This tale of two brands — one an annual fixture in our survey, the other still reeling from its mishandling of a bad situation — is instructive of the new role of corporate citizenship. Today’s corporations face a stark choice in these increasingly transparent times: develop and implement strategies to carve out a meaningful presence as a corporate citizen in an engaged world, or run the risk of seeing your brand value erode and your business suffer. Billions of dollars of brand value are tied to various forms of corporate social responsibility — Coca-Cola, IBM and Microsoft alone routinely have close to USD $4 billion engaged in social programming among them.

Interbrand has focused on advising our clients how to ensure that their citizenship dollars are well spent. And the short answer is: It’s about more than the spend. It’s about the credibility of a company’s culture of citizenship.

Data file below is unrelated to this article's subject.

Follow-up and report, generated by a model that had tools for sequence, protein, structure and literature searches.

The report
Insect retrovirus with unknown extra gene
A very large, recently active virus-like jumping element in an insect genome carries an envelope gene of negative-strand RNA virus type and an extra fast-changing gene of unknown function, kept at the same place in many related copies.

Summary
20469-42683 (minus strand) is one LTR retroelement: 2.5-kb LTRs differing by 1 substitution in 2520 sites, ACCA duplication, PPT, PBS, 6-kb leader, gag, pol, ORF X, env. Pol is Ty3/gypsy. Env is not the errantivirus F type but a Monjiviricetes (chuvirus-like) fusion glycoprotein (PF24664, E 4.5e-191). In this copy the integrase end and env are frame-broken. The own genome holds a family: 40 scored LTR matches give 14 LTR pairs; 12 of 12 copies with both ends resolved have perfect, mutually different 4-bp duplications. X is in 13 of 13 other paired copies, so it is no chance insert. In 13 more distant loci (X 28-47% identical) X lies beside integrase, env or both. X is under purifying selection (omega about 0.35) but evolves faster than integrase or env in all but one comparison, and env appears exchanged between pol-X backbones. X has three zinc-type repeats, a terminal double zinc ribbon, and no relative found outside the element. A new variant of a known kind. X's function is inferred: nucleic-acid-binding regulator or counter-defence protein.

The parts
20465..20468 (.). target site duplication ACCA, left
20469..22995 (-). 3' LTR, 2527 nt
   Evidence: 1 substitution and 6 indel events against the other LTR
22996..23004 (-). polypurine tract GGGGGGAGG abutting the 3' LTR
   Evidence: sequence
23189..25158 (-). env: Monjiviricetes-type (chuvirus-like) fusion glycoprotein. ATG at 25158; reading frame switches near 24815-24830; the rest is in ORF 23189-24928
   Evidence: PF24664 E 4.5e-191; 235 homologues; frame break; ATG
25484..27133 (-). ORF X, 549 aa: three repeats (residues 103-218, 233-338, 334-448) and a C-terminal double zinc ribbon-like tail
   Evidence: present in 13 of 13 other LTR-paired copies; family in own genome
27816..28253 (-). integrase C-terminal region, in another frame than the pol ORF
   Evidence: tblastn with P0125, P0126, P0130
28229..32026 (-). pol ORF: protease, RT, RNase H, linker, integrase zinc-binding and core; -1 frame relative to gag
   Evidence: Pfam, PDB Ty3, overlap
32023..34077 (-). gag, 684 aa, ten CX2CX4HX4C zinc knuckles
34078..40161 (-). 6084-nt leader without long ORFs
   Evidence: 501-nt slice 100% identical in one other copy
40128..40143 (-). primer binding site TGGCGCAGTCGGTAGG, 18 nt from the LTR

The changing face of corporate citizenship

Corporate citizenship goes deeper and is fundamentally different than older notions of corporate social responsibility (CSR). CSR traditionally implied a separate body nominally within, but functioning apart from, the core organization, such as a foundation, that took action in the social arena and may have borne little discernible relation to the company’s larger sense of itself and its reasons for being in business. CSR too often smacked of doing the right thing out of duty, reducing risk of noncompliance, sundered from the bottom line, separate from the profit motive, unrelated to an organization’s fundamental raison d’etre. If doing good for the sake of a PR bump or to keep the regulator at bay was the hallmark of CSR in recent times, then the new opportunity for companies may be summed up in a simple equation: Doing good by doing what you do best yields greater value. Great corporate citizens leverage their expertise in the marketplace to solve the world’s challenges while gaining credibility and driving consumers to choose them over the competition.